|HEART RATE Question||garhead|
Apr 28, 2002 6:38 AM
|What is a better way to determine heart rate training zones other than the std 220-age = max etc... FWIW I'm 46 & have a resting HR of 62.
Apr 28, 2002 7:06 AM
|Warm up fully, ride a 10 mile/16 km time trial as hard as you can sustain. Your steady state HR during the TT is your anaerobic threshold (AT) within a couple of BPM. Recognize that this number will vary with temperature (3-5 beats higher at 85F/30 C than at 70F/20C, for example). While there is some argument, your AT and your LT are about the same. For a fit rider, your AT/LT is 85-90% of your max. The five training zones would then be calculated from this: zone 5 = sprinting at or near max, zone 4 = AT intervals at 95-105% of AT, zone 3 = hard aerobics at 85-90% of AT, zone 2 = aerobic conditioning at 75-85% of AT, zone 1 = recovery at 65-75% of AT. Note the wide range of HR in any of these zones (+/- 10 BPM or so). They are guides, not hard an fast ranges. The 220-age formula is very poor for conditioned athletes, especially for older athletes. My actual max is about 25 BPM higher than the age formula would predict.|
|Do you have a link for more infos?||MrCrud|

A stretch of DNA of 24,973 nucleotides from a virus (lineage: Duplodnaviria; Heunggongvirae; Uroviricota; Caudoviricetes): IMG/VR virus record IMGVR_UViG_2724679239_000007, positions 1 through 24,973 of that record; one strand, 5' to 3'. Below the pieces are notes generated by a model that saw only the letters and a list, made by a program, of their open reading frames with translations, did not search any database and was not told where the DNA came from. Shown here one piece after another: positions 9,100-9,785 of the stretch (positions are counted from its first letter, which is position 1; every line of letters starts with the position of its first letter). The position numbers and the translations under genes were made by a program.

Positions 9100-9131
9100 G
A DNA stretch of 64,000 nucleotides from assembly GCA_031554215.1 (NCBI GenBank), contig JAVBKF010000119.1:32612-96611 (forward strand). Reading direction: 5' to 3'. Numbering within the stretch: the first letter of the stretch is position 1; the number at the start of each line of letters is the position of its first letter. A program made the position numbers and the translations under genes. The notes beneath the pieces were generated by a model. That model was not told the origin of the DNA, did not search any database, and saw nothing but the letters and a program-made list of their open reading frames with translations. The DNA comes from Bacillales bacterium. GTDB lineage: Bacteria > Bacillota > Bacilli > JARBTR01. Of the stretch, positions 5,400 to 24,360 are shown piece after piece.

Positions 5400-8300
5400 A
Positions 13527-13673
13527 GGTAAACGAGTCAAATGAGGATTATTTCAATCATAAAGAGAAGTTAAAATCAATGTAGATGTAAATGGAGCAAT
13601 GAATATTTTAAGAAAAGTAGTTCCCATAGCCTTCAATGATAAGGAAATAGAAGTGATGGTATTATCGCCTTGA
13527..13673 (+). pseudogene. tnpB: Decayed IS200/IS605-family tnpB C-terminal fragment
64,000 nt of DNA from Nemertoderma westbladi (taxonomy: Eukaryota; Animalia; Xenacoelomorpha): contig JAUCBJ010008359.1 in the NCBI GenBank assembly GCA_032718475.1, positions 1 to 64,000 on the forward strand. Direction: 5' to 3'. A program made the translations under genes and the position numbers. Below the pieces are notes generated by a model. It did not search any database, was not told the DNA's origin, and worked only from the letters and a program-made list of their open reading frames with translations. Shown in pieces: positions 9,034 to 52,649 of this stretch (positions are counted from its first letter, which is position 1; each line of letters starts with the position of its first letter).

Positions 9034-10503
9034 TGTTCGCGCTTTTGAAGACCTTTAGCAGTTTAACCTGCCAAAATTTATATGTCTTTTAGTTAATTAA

Apr 28, 2002 1:58 PM
|I will be getting my first HRM soon, and i want to do everything the best way i can. Do you have a good website that is informative and has good credibility? I'm basically looking for some pointers for ppl who are starting. I have been trainnin for a long time, just never bothered to get actual data on my trainning. Thanks for any help!
Apr 28, 2002 3:43 PM
|A Google search on "HRM training" comes up with over 500 hits. My information has been collected from articles in magazines over the years, so I don't have a preferred web link. Others probably can chime in.|
Apr 28, 2002 6:14 PM
|I have found a few site, but nothing that gave all that much info, at least, not enough for me. Thanks for the reply though.
|re: HEART RATE Question||Len J|
Apr 28, 2002 6:21 PM
1.) Joe Freil's Book cyclist Training Bible is a great source for training using a HRM &
2.) Any of the Carmichael Books.